Settlement areas and infrastructures are spreading out further and further — calling for entire stretches of land to be considered foremost as recreational spaces belonging to the respective settlements. This has radical consequences on their identity, use and form. Urbanites appropriate landscapes close to settlement areas and thus produce open space. Forests and agricultural areas cannot develop anymore according to their own logic, because they have become part of a designed habitat. The importance of landscape and open space production compared to the importance of wood and food production increases continuously. Demand for open space is rising. Agricultural aesthetics shaped by production logic are replaced by landscape ideals of urban dwellers looking for recreation.
Defining development goals for these new landscapes and achieving them through actual projects is mandatory. Rapperswil Meeting 2013 will be a place to discuss the challenges of an integrated view on space and to take a close look at good examples.
This way! — Paths (in)to the Landscape
The notion of what we call landscape is changing. Switzerland as a whole is but landscape and ... Petrarca, who described the term landscape as a construction of subjective perception seems to have served his time. Given the rapid and dynamic development of settlements and infrastructures, it takes some time getting used to this.
In times where more and more areas are threatened of falling through the grid of landscape perception, the question of quality surfaces together with the question of perception, both taking the centre stage of the landscape architectural discourse. Ways and means that make landscapes legible and accessible are demanded, both literally and figuratively. In some cases, a few signposts will do, yet every now and then there are more efforts needed to bridge the gap: interpretations, directions for use or even the landscape architectural machete are called for.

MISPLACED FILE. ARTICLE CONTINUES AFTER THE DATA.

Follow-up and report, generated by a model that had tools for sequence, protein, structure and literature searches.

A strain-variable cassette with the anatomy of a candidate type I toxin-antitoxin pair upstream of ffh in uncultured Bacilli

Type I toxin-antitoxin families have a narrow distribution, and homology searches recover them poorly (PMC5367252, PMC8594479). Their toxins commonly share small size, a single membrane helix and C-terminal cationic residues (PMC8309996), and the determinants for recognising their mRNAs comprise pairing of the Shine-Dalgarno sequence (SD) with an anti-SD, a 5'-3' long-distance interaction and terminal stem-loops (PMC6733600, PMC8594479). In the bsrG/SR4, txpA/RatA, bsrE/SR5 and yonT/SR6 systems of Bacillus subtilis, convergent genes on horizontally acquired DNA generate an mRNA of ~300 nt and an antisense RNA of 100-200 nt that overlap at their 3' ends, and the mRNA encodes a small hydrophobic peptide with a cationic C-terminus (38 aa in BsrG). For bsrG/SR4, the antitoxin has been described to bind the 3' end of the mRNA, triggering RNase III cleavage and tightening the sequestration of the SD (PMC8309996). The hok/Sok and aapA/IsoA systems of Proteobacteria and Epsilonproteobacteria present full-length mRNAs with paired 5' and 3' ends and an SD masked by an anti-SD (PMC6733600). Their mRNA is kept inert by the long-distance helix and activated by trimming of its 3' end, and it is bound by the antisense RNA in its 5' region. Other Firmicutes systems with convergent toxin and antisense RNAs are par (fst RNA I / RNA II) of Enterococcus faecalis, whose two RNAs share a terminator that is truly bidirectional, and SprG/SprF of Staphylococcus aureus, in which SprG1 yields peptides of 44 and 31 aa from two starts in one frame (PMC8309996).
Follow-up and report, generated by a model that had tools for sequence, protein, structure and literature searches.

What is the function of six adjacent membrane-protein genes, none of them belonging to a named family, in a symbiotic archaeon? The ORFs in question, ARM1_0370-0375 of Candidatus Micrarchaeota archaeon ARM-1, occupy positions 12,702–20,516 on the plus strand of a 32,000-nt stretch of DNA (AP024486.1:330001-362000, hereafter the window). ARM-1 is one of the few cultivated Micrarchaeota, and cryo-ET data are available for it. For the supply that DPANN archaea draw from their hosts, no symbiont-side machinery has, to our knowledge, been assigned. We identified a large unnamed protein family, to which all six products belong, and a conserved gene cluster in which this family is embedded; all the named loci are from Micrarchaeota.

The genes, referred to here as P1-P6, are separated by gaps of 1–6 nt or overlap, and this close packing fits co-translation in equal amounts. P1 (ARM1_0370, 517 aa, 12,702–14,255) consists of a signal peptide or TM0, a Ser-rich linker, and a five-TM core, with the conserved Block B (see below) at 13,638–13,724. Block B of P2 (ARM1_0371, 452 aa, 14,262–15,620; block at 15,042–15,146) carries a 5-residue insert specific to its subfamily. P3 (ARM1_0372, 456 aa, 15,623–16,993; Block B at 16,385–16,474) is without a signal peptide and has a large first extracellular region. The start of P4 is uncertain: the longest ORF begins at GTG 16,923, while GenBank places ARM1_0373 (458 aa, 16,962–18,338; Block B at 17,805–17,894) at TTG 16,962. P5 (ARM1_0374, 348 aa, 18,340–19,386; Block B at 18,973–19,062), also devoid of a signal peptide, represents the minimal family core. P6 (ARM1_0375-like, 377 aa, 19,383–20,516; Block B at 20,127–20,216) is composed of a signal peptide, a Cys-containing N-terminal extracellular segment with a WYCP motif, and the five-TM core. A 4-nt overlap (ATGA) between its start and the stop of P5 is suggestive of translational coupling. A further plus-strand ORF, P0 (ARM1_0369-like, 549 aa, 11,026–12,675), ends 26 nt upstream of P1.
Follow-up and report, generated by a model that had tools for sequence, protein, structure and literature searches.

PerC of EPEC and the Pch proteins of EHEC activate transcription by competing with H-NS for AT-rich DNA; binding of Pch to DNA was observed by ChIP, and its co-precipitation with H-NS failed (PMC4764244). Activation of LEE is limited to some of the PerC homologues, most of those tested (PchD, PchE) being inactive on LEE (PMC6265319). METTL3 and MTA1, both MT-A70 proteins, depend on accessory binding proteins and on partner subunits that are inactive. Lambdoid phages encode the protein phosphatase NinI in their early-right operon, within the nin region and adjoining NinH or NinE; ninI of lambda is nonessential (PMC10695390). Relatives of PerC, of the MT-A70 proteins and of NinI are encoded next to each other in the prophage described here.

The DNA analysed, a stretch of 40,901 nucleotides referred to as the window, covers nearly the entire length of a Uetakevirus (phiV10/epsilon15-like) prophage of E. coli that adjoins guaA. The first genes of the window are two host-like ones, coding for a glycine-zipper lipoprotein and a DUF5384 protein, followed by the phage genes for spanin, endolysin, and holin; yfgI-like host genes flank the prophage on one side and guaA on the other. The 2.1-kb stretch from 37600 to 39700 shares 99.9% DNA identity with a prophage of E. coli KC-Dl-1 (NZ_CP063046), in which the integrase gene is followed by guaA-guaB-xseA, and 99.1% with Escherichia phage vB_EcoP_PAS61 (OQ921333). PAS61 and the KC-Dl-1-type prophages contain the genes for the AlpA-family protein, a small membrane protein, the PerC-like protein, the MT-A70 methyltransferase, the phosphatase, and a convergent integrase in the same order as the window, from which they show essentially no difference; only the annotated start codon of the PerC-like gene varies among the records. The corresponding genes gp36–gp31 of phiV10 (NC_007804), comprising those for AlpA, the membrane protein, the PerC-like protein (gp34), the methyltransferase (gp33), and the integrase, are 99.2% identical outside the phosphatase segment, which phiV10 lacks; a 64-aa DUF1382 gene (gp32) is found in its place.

Suburban and transurban open spaces have a high potential to agglomerate different settlement structures, districts or municipalities − at least this is the latest in the contemporary debates in urban planning and development. Aimed at controlling growth and densification and creating new urban qualities, all over the country visions, concepts and projects for new landscape and open space structures are mushrooming.
But do any of these wonderful creations, e.g. Aarepark, Wiggerpark, Limmattalpark and all the other watercourse parks, ever get past the stage of cycle track signaling? Do green spaces in the urban periphery actually manage to reconcile town and country? What is there supposed to be connected, for whom and how? Is there a way to succeed in the balancing act of offering equally optimal habitats to humans, hares and hawthorns?
What potentials actually lie dormant in the urban periphery, and how can they be kissed awake? What new spaces are emerging between the Campagne genevoise and Glatttalstadt? What qualities and aesthetics are characteristic for them? Which technical and design strategies lead to success?
These and many more burning questions will be discussed in 2011's Rapperswil Meeting, approaching them from different angles and by referencing them to living examples.